0370 270 6000

already registered?

Please sign in with your existing account details.

need to register?

Register to access exclusive content, sign up to receive our updates and personalise your experience on brownejacobson.com.

Privacy statement - Terms and conditions

IR35 changes - six months and counting...

27 August 2019

In his 2018 Autumn Budget, the then Chancellor, Phillip Hammond, announced a significant change to the way liability for IR35 breaches will be dealt with for private sector companies from April 2020.

IR35 applies when a self-employed individual contracts with a client via a limited company. The client pays the limited company and in turn the limited company pays the individual. One of the benefits of this is that it typically attracts less tax. HMRC is therefore keen to make sure people using IR35 are genuinely self-employed and are not “disguised employees” using the system to reduce their tax burden.

With effect from April 2020, mirroring a change that has already been implemented into the public sector, it will be the responsibility of the end user to determine. In reality this means carrying out an assessment as to whether a contractor you are working with is genuinely self-employed.

That change is coming up quickly on the horizon…

We’re now just 6 months away from that change coming into force and, if you’ve not taken steps already, now is the time to review your existing arrangements with any contractors you work with.

It is important to audit your use of contractors generally, whether they operate via a limited company or not. This is not just a question of looking at what the contract says. This is important; but the “day to day reality” of the relationship is the most important consideration.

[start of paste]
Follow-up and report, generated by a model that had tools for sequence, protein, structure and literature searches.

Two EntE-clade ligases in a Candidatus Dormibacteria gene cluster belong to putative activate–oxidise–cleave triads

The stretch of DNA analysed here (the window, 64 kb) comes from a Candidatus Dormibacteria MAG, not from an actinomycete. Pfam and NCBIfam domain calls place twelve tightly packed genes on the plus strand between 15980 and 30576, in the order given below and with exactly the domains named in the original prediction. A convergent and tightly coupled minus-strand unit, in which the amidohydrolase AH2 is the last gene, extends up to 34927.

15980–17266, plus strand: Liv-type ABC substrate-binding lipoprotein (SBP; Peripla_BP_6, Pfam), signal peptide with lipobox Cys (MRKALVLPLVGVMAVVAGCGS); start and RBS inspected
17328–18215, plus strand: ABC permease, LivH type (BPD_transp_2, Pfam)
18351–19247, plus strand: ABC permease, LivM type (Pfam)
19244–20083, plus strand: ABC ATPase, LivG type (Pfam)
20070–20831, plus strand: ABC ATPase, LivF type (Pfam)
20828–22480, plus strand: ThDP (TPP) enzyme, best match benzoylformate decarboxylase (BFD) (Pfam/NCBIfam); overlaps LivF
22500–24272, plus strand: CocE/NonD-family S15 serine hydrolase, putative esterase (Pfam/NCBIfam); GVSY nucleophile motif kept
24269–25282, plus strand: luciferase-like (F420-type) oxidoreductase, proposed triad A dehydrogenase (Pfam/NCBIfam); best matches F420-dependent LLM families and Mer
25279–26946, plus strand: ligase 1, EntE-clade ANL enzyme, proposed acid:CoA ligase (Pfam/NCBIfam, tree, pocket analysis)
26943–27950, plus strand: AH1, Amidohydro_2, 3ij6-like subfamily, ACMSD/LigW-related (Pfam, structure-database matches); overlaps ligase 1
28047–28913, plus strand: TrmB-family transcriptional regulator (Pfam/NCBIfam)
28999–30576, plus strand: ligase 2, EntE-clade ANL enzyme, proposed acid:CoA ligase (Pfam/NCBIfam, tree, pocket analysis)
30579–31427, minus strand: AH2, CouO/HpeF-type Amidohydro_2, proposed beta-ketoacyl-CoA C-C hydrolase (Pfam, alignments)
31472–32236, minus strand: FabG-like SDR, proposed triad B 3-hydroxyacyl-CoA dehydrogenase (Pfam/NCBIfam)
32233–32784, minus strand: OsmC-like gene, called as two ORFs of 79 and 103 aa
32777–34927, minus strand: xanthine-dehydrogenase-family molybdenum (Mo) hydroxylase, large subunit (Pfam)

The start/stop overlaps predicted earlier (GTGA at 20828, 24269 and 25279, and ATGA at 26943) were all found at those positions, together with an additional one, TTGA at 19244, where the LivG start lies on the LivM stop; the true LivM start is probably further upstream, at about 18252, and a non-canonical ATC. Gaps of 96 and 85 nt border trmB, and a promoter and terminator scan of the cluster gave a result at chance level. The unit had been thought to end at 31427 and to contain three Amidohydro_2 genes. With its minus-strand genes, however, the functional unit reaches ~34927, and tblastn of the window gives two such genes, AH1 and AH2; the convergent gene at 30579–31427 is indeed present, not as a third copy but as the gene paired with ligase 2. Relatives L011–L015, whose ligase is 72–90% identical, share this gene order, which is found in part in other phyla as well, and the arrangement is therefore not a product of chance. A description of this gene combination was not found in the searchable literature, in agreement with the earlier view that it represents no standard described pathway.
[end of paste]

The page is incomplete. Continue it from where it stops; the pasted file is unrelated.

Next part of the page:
Next steps

IR35: Verify - find out how we can help >

related opinions

Can an application to postpone a hearing be refused?

This case highlights the importance of Claimants obtaining their own medical evidence in such matters especially when it is pivotal to their claim.

View blog

Employer obliged to pay settlement despite employees confidentiality breach

In Duchy Farm Kennels Ltd v Steels the employer was found not to have been relieved of its obligation to pay a settlement sum, despite the former employee having breached the confidentiality clause contained in the settlement agreement.

View blog

Furlough scheme extended to October

The Chancellor announced on Tuesday 12th May 2020 that the Coronavirus Job Retention Scheme (CJRS) is to be extended to the end of October.

View blog

Furlough and insolvency – are employees protected?

As more retailers and restauranteurs fall victim to insolvency, the Court of Appeal has confirmed that the contracts of employment of employees furloughed before a company is placed into administration will be treated as having been adopted by its administrators, therefore entitling the employees to “super-priority” status over other creditors.

View blog

mailing list sign up



Select which mailings you would like to receive from us.

Sign up